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Concannon, Gertrude (1899 - 1978)

Maryborough's Achievers Walk - 2000

20 May 1899
Maryborough, Queensland, Australia
24 November 1978
Wyongah, New South Wales, Australia
Arranger, Author, Composer, Music adjudicator, Music teacher, Musician, Opera singer and Pianist
Alternative Names
  • Degnian, Gertrude May


Gertrude Concannon was a highly successful Australian-trained lyric soprano. Later in her life she contributed to Australian music with equal significance through her teaching, composition, and encouragement of younger musicians.


Born in Maryborough, Queensland, to English migrant parents, Concannon was placed at the age of three into the care of the local convent following the death of her mother. She completed her education at the convent and had her first vocal training from a Mr Charles Kenningham. In 1918, she entered the Garcia School of Music, Sydney, as a student of the distinguished teacher Madame Ellen Christian, whose mentorship had an inestimable influence on the young singer. Remaining at the School for seven years, Concannon completed singing and piano diplomas and gave numerous public recitals, concerts, and radio broadcasts.

Concannon subsequently embarked upon an international career spanning nearly 15 years. She departed for the United States of America in 1925, where she sang and learned her craft with a number of opera companies. She moved to England in 1928 and in the ensuing decade maintained a busy opera and recital schedule. She also toured extensively in Europe, Africa, India, Singapore, and Burma. All the while, Concannon was acutely conscious of her Australian identity. She deliberately programmed Australian works in many of her recitals. She also wrote of her travels in newspaper and magazine articles and in her unpublished autobiography, Around the World in Song, intending to relay her experiences for the benefit of others.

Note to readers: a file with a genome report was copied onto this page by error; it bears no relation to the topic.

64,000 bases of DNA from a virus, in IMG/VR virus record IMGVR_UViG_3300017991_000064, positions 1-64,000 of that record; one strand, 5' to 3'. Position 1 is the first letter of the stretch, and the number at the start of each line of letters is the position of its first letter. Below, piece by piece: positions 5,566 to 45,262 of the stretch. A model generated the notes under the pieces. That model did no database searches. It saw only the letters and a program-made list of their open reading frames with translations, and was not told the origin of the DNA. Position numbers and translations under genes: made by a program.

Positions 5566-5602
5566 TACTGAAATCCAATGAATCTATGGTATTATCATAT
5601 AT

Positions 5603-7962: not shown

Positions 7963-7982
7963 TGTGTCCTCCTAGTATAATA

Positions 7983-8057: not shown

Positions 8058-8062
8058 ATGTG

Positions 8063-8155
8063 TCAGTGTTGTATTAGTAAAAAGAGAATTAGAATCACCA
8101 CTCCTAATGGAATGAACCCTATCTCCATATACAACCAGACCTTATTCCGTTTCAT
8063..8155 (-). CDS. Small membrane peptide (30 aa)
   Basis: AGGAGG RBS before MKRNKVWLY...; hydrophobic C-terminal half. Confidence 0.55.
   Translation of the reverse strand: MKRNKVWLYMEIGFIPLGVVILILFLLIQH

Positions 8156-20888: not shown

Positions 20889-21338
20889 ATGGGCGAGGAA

On her permanent return to Australia at the outbreak of the Second World War, Concannon commenced a busy vocal teaching practice in Sydney, establishing a studio of her own in Darlinghurst in 1939 and taking over the students of the late Madame Christian two years later. She also became actively involved in the eisteddfod movement as an adjudicator. She married Jack Degnian in 1943. Concannon's settlement in Sydney allowed her to renew her passion for songwriting and composing. She had commenced composing in her teens, and one of her songs, At Evening, was published in 1924.

Concannon joined the Bread and Cheese Club Songwriters' and Composers' Group in the 1940s, and in 1950 was president of the NSW branch. She received numerous prizes from this group for her works, including prizes presented in 1950 by Alfred Hill in serious and light ballad categories for her songs The Swing Song and Lullaby.

Sources used to compile this entry: National Library of Australia - Music Australia, Gertrude Concannon, National Library of Australia, Canberra, ACT, 2005,

Lee Butterworth

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